Once you’re in the platform, navigate to the Tweets tab, choose a timeframe that you’d like to study and export that data. Then you’ll be ready to make sense of the data.
Sprout Social’s Twitter Analytics
We recommend using Sprout’s social media analytics because you can pull data from all of your social profiles at once, combine it with data from your other networks and profiles, and view it in a really beautiful platform. Well there’s the pitch, and if you’re interested in using Sprout Social to pull your Twitter stats, follow the rest of these instructions.
Once you’re in your Sprout account navigate over to the Reports tab to view your data. We offer a ton of custom reports to better make sense of all your social media, such as hashtag and group reports, but for these specific purposes, it’s best to utilize our Sent Messages Report.
Make sure to choose all of the profiles where you’d like statistics (including other networks if you’d like), choose a timeframe and export your new CSV. You’ll now have all the information you need to dissect your Twitter statistics.
Making Sense of Your Twitter Stats
Once you download your Twitter data from either Sprout Social or Twitter, you should have a CSV that shows you data on a Tweet-by-Tweet level. This should include data on clicks, reach, Retweets, Favorites, etc. It should look something like this:
Before we can use the data to improve our Twitter marketing, we have to create a more digestible and visible chart. A simple way to do this is to add a filter to the first row of your page and sorting your messages by whichever performed the best based on your most valuable KPI.
In the example above, we’d like to look at which of our Twitter posts perform best in terms of Clicks. We’ll next click the dropdown button in column G and sort by “Descending.” Make sure to sort by the stat you would most like to improve. After sorting by your top KPI you’ll see the most successful messages at the top of the list.
How to Improve Your Twitter Stats
The first step toward improving your Twitter statistics is to take time and look through the data you just organized. Start pouring through the Tweets that worked and study why they were successful. When looking through these messages, consider some of these key questions:
Figure Out Which Post Type Work
There are a ton of different Twitter posts that you can share across your pages. Consider the following post types and see which ones you find toward the top of your data file. Then you can incorporate more of that post type in your Twitter strategy.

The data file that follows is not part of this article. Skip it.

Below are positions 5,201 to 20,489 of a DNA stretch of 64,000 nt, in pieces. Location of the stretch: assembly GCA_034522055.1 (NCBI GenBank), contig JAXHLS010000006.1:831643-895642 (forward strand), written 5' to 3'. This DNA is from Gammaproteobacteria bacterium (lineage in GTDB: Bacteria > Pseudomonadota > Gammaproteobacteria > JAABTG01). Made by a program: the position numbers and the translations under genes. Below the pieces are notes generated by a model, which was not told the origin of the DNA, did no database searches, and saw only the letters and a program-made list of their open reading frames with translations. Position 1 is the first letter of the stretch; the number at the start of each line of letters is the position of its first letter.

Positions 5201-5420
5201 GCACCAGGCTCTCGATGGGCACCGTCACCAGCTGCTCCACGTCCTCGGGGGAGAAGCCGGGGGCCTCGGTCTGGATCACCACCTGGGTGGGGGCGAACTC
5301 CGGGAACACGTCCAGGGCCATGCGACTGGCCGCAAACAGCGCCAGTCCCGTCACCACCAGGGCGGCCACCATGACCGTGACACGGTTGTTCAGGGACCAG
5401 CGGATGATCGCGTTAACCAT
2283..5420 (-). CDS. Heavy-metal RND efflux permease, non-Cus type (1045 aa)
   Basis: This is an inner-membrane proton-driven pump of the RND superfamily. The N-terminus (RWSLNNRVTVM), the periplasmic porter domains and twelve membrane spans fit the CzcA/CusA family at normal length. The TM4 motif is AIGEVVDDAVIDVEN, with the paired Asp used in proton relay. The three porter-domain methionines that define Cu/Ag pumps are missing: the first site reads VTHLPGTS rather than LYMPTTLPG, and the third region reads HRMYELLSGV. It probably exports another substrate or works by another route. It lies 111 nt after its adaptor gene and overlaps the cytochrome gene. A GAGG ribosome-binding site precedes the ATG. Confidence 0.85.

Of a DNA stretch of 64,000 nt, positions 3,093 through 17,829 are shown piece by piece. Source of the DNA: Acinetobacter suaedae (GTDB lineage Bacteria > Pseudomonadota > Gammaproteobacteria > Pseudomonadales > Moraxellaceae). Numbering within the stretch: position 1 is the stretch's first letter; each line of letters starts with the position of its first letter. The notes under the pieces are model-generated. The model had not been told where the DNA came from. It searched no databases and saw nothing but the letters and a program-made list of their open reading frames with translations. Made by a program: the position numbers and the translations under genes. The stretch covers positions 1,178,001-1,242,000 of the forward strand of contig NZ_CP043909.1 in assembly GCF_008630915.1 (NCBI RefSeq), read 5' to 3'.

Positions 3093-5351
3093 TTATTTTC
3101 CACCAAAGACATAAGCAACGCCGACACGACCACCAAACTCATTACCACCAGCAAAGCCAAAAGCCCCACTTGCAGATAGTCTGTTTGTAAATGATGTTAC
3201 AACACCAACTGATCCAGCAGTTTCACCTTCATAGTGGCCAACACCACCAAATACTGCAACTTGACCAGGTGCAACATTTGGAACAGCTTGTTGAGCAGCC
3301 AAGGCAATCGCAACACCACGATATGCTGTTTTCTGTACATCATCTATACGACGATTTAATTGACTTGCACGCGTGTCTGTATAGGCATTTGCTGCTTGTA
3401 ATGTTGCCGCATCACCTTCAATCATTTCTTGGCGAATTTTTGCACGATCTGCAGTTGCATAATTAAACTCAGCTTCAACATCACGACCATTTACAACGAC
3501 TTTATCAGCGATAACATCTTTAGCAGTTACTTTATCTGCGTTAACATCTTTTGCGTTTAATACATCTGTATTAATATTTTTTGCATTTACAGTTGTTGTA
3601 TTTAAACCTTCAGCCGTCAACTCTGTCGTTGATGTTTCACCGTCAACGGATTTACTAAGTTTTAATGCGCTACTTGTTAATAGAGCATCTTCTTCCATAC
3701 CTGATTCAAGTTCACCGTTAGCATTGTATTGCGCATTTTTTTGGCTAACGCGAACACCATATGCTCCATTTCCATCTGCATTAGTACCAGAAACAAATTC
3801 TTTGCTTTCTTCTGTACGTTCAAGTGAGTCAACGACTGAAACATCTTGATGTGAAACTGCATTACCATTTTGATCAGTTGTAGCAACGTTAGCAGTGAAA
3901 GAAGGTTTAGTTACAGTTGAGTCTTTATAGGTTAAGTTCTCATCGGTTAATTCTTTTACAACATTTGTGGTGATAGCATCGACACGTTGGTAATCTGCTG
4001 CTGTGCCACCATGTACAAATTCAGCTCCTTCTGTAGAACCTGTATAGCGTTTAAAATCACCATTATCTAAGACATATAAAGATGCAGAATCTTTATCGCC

- Text Posts: These are the most basic post types you can create. They’re simply a 140-character or less Twitter message without utilizing any of the additional functionality.
- Link Posts: Posts that contain links to your own or other websites that users can click through to visit. These are commonly found by searching the message copy for a shortened link like Bit.ly or goo.gl.
- Image Posts: Messages you’ve shared to Twitter that involve an image. You can find all of these messages by scanning your post copy for the key pic.twitter indicator.
- Video Posts: Video posts, including Gif posts, are becoming more popular than ever on social. Make sure you’re monitoring how well your videos perform and decide if you should keep utilizing them in your social strategy.
- Replies: Characterized by a message start with an @, these are direct replies to customers or fans who have reached out to you on Twitter. These will likely lead to more engaged users and clicks.
Figure Out What Content Resonates
After figuring out what post types work, discover what kind of message copy you use in those posts. If you find some key phrases or words that stand out in your top messages, try and include those more in your Tweets.
Continuously Look at the Data
Those are just a few of the questions you should consider when studying and improving your Twitter stats. If you’d like to continue studying that data with other questions, check out this article we recently wrote on How to Conduct a Twitter Audit. That involves asking yourself things like:
- Which days do I see the best performance?
- Which times of the day perform best?
- Which demographics work best?
That’s the process we’ve put together for pulling, studying and improving your unique Twitter stats. For continued improvement of your stats, we recommend you check out our webinar with AdRoll “How to Be Awesome at Twitter” and learn more about Sprout Social’s Twitter management tools.
Michael Patterson: Michael enjoys writing about all things social media, and his insights can be found on Adweek's SocialTimes, Social Media Today and Social Media Examiner. When he isn't pouring over blog posts he can usually be found exploring Chicago's unique neighborhoods and breweries.
Thank you for sharing! Looking forward to the impact a longer character (140+) count will have if implemented. Also, "Favorites" are now "Likes" on Twitter 😀
Thanks a lot Michael, great stats!
Michael, this summary was very well done and quite useful. thanks